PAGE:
Nepal faces multiple development challenges, including chronic and wide spread food insecurity and adult and child malnutrition. Due to population growth, agricultural stagnation and a range of institutional failures, the threat of a serious food crisis in Nepal is substantial. The recent scaling back of WFP assistance means that food security conditions in some parts of Nepal will undoubtedly worsen in the near future. This paper presents a brief review of topics and available evidence regarding food security, malnutrition and related subjects in Nepal.
The Dynamics of Nutrition Program Implementation in Ethiopia: Facilitators and Constraints at National and Sub-National Level
The Government of Ethiopia (GOE) is committed to improving the nutritional status of the population. The GOE has made significant progress in reducing malnutrition since 2000. The revised National Nutrition Program is aimed at accelerating the decrease in under nutrition through a multi sector nutrition plan. This study assessed the facilitators and constraints to adopting the NNP at the national and sub national level. Key issues were identified including leadership, coordination, awareness, capacity and budget. A series of recommendations derived from the study data are included.
Agricultural correlates of linear growth and key modifiers among children under two years in rural Uganda
Many sources have recently called for agricultural programs and policies to become more nutrition-sensitive, with the aim of harnessing agriculture to improve nutrition and health. Several researchers have described potential causal pathways through which agriculture could impact the nutrition and health of vulnerable populations. Stunting, or poor linear growth, particularly in young children is a key indicator.
A Review Stock Taking Report Nepal's Private Sector Initiatives, Strategies and Interests in Nutrition
There is growing interest of private sector in food industries. This has come because of growing urbanization and better transportation opportunities as food now can be sent from one location to another at a fast rate than in the past. Moreover, the knowledge of food processing and quality is growing, and private sector has cashed this desire through establishing food processing industries.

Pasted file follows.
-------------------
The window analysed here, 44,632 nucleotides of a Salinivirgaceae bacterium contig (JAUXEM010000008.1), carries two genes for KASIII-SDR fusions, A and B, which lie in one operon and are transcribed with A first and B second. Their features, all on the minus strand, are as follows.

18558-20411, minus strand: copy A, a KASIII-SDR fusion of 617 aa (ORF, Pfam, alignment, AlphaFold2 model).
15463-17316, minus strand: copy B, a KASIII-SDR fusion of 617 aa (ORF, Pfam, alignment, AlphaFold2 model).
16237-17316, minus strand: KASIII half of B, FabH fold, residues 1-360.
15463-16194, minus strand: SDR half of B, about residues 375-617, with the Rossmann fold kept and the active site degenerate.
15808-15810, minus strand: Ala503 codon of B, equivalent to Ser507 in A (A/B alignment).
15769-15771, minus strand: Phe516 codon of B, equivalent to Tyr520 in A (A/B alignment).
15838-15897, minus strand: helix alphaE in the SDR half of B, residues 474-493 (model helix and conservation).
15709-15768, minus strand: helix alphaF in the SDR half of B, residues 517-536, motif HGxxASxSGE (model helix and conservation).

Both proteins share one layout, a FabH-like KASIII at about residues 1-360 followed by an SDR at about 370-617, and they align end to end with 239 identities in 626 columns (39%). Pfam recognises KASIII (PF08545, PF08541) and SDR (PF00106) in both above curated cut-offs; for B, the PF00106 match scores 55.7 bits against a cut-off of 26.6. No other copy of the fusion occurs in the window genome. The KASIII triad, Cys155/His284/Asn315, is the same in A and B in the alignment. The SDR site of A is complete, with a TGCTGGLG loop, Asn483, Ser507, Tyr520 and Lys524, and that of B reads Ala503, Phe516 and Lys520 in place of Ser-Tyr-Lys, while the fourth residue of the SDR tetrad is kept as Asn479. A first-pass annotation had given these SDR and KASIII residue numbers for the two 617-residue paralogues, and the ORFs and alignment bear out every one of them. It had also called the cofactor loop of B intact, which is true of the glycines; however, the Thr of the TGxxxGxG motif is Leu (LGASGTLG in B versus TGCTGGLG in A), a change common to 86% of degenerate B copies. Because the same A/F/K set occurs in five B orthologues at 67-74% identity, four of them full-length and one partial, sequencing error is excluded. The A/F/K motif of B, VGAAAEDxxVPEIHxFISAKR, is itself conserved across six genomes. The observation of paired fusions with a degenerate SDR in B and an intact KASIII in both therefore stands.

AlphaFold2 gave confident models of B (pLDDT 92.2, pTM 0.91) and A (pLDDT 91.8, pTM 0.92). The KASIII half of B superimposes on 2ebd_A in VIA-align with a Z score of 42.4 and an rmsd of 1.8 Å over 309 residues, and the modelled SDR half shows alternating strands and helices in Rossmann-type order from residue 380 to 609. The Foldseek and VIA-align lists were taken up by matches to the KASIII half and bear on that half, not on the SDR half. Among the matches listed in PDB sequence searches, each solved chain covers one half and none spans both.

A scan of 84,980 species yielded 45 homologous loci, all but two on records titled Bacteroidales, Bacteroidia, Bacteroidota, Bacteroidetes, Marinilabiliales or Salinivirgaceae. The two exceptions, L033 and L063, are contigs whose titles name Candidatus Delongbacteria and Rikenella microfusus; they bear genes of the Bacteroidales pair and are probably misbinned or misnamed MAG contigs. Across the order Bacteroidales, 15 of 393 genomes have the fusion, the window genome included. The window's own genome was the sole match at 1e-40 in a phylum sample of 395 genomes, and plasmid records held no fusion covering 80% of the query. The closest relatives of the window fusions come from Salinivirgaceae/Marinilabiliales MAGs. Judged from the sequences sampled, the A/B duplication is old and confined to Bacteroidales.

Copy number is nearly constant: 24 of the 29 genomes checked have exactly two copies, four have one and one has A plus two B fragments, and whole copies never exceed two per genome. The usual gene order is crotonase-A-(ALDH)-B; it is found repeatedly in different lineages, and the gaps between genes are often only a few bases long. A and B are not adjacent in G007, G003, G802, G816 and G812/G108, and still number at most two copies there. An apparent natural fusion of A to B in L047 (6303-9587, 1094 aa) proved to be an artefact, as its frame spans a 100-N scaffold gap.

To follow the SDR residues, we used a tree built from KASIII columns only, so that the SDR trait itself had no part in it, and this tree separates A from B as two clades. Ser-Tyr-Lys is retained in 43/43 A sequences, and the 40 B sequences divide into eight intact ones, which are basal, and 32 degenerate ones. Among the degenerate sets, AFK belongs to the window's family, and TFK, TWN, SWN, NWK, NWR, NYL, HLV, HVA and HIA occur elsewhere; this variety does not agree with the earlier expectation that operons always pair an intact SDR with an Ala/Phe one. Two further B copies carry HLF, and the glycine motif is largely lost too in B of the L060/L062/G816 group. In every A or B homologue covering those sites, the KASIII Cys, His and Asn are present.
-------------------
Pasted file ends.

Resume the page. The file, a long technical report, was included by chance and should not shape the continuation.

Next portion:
Vulnerabilities to food insecurity are growing in Nepal. These vulnerabilities come from various factors - namely general decline in food production or agricultural growth, food price rise, seasonality in agricultural production, higher poverty rate in the food deficit areas, changes in food habits consuming junk food, especially in urban areas, lack of income and employment opportunities, lack of effective transportation for food distribution, especially in the hills and mountains, and chronic utilization problems such as inadequate access to health services, water and sanitation.
Integrating Agriculture and Nutrition Actions to Improve Maternal and Child Nutrition: Research on Program Impact Pathways
From a LCIRAH Workshop, June 21-22, 2012, London.
Baseline findings of this nationally representative study reveal variations in nutritional status, household food security, agricultural production and practices, and sanitation between the agro ecological zones of Nepal. Undernutrition in under-five children and women was found to be consistently worse in the terai (with the exception of under-five stunting rates being approximately 36%). Household food insecurity was 40% across the PoSHAN sample during the May - July 2013 season; with terai households found to be least food insecure.
The goal was to identify opportunities for new investment and interventions to improve nutrition and livelihoods on a commercial scale (through agriculture linking to commercial enterprises). This enhances our understanding of crop value chains particularly relevant to women, and to the issues around value chains involving aflatoxin-free foodstuffs.